HOMESTEAD, Fla. -- Before this interview begins, Ricky Stenhouse Jr. is asked to take off the dark sunglasses, the ones he's been wearing most of Sunday regardless of whether he has been in the bright South Florida sun or inside.
The person beside him asks why.
"Because I've been up all night," he explains.
Yes, the 24-year-old celebrated the Nationwide Series title he clinched on Saturday at Homestead-Miami Speedway in fine fashion. He partied all night at one of the hottest clubs on South Beach, then watched the sun come up on the beach wearing a black cowboy hat and holding on to his trophy like a baby would a favorite blanket.
From there he drove back to the speedway for a breakfast and later a tweet-up with fans. Then it was off to appearance after appearance after appearance.
"I've been up since 8 a.m. on Saturday," Stenhouse says around 2 p.m., now 30 hours without sleep and counting.
Stenhouse doesn't care. Less than two years from seeing his driving future in jeopardy, when he seemingly was wrecking more cars than he wasn't, the 24-year-old Roush Fenway Racing driver is living the dream.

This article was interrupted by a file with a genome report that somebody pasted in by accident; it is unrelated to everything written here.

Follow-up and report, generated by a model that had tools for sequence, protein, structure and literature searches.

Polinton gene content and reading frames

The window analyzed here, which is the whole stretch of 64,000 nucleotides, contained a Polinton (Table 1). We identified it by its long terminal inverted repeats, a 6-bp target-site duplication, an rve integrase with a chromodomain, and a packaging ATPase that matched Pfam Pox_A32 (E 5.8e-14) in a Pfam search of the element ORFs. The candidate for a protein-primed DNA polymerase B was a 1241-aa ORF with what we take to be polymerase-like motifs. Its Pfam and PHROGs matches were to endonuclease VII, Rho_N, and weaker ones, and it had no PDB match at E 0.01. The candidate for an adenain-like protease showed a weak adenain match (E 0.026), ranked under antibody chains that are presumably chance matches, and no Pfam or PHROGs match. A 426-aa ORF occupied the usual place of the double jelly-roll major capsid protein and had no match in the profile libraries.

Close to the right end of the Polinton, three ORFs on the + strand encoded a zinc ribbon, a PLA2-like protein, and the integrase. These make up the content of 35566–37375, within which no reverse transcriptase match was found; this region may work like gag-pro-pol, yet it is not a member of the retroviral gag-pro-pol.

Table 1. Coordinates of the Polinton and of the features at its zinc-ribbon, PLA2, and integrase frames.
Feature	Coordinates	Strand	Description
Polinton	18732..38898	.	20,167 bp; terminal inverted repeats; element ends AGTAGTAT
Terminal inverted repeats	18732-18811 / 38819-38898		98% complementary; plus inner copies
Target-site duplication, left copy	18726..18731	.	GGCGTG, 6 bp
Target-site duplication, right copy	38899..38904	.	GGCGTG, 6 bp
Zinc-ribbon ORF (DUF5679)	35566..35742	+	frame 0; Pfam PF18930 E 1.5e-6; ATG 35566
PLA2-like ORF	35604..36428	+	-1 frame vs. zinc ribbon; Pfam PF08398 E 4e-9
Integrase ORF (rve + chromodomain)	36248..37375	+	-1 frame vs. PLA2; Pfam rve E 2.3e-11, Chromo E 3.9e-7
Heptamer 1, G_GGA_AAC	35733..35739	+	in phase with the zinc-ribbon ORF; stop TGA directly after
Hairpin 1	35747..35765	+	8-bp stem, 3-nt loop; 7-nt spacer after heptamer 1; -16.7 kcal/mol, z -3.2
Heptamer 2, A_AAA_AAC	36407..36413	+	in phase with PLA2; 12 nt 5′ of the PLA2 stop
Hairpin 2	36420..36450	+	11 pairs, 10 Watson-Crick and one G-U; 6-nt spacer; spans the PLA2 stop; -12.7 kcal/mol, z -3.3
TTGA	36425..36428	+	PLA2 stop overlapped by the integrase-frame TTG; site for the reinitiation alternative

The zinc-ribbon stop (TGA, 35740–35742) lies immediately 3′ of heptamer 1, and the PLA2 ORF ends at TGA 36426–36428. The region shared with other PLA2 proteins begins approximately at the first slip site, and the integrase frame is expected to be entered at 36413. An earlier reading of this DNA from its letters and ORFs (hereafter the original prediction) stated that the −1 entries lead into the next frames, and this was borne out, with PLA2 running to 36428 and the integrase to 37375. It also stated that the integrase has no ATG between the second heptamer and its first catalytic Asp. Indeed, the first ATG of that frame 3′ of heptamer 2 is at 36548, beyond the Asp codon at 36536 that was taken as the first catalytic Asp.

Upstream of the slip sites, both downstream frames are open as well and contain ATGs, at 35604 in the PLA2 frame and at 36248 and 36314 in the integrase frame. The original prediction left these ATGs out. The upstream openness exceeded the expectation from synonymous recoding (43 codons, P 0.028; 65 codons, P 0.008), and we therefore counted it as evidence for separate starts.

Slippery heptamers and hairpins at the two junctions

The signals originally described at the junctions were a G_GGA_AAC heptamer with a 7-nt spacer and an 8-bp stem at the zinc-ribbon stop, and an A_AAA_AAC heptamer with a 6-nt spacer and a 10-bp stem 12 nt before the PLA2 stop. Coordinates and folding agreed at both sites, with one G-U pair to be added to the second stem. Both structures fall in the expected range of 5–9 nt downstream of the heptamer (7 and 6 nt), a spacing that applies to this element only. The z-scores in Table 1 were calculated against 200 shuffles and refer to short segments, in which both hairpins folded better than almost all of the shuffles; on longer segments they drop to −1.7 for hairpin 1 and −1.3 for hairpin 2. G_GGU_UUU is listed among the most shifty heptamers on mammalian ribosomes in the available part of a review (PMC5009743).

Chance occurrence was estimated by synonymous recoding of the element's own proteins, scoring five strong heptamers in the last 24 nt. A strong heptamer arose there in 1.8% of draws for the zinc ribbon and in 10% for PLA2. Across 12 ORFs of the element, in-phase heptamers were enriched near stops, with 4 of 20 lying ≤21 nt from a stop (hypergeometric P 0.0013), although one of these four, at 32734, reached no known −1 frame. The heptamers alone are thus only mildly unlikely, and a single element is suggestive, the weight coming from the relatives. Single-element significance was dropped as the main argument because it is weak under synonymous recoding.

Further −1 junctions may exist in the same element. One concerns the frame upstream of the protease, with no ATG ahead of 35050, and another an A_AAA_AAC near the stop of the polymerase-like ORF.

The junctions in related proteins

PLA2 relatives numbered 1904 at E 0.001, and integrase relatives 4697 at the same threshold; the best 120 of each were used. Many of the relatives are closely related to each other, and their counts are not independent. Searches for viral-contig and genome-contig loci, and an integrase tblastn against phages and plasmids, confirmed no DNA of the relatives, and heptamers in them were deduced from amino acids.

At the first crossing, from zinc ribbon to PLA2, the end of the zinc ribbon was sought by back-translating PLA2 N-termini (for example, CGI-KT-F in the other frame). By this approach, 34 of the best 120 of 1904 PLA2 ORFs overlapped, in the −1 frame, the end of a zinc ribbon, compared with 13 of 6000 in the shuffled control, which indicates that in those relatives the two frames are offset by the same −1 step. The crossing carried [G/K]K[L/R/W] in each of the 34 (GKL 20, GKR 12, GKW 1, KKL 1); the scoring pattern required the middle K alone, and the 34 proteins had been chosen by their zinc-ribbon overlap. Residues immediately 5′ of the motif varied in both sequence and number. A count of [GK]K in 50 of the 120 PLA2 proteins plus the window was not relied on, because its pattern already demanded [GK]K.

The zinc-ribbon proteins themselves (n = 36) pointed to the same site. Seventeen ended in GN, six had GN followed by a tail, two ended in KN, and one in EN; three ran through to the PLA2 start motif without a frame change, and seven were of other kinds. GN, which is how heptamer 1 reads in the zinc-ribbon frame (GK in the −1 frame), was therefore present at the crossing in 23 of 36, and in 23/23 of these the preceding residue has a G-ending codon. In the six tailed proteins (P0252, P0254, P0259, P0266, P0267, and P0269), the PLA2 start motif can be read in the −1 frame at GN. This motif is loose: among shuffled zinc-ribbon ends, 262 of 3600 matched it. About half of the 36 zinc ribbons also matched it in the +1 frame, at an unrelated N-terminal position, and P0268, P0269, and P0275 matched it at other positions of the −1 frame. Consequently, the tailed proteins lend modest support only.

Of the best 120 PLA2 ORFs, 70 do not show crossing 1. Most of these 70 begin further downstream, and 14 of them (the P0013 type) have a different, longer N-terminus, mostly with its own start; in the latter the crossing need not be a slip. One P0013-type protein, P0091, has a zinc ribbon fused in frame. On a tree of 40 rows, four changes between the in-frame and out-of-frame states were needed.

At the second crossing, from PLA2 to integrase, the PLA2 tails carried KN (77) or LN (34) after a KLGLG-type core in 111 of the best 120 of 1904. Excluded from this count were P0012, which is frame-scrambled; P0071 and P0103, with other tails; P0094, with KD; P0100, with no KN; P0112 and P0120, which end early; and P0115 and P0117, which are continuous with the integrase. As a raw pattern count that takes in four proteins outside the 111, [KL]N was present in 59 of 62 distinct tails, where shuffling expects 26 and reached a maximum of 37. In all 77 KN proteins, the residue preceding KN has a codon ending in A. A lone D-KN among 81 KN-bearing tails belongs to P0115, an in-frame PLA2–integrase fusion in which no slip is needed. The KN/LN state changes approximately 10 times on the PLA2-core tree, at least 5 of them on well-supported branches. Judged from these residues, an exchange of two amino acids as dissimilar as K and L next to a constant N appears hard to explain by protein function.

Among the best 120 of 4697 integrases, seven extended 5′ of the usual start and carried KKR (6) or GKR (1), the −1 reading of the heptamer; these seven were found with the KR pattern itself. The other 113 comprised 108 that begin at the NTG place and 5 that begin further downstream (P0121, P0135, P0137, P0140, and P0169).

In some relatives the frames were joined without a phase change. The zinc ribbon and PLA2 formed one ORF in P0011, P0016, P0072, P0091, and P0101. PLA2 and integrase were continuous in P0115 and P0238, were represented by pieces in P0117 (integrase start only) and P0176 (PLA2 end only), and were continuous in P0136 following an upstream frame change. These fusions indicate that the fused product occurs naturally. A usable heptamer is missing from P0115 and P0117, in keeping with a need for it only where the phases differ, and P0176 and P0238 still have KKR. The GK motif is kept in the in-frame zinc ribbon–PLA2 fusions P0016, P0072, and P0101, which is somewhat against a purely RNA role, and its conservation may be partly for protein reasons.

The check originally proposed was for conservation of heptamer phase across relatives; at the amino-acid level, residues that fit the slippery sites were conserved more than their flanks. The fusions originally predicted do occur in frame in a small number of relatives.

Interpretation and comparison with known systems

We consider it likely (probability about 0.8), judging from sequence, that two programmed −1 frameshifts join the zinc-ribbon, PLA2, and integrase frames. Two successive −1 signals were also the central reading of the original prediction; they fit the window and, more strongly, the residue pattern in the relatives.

Kudos to NASCAR for revamping the system to give non-full-time Sprint Cup drivers a chance to win the title, which hadn't happened since Martin Truex Jr. in 2005. That the governing body got Stenhouse as its champion is a plus. He represents a fresh young face that the sport needs.
The genuine emotion that Stenhouse showed on Saturday as he stood on the main stage meant far more to the sport than seeing a Cup driver basking in the spotlight for a sixth straight year. Stenhouse's only regret is that his car finished third in the owners' championship.
"Next year we want to win both," Stenhouse says.
He says it with the zest one wouldn't expect from someone who has been up all night. He says it with the determination that makes one believe he can do it.
"That would be a big thing to hang our hats on," Stenhouse says.
The sad part of this story is the economy hasn't recovered to the point that Stenhouse has secured sponsorship to defend his title. The happy ending is he has the word of team owner Jack Roush that he will get that opportunity.
"Worst-case scenario, we'll be in a car doing the same thing we did this year," Stenhouse says.
A young woman stops to hug Stenhouse. Then another.
Then it's off to another appearance, back to South Beach for a few hours of R&R on the beach and eventually back to the track for a late-night champion's photograph session.
Stenhouse's eyes may be red, but sleep is overrated when you're in the midst of a dream.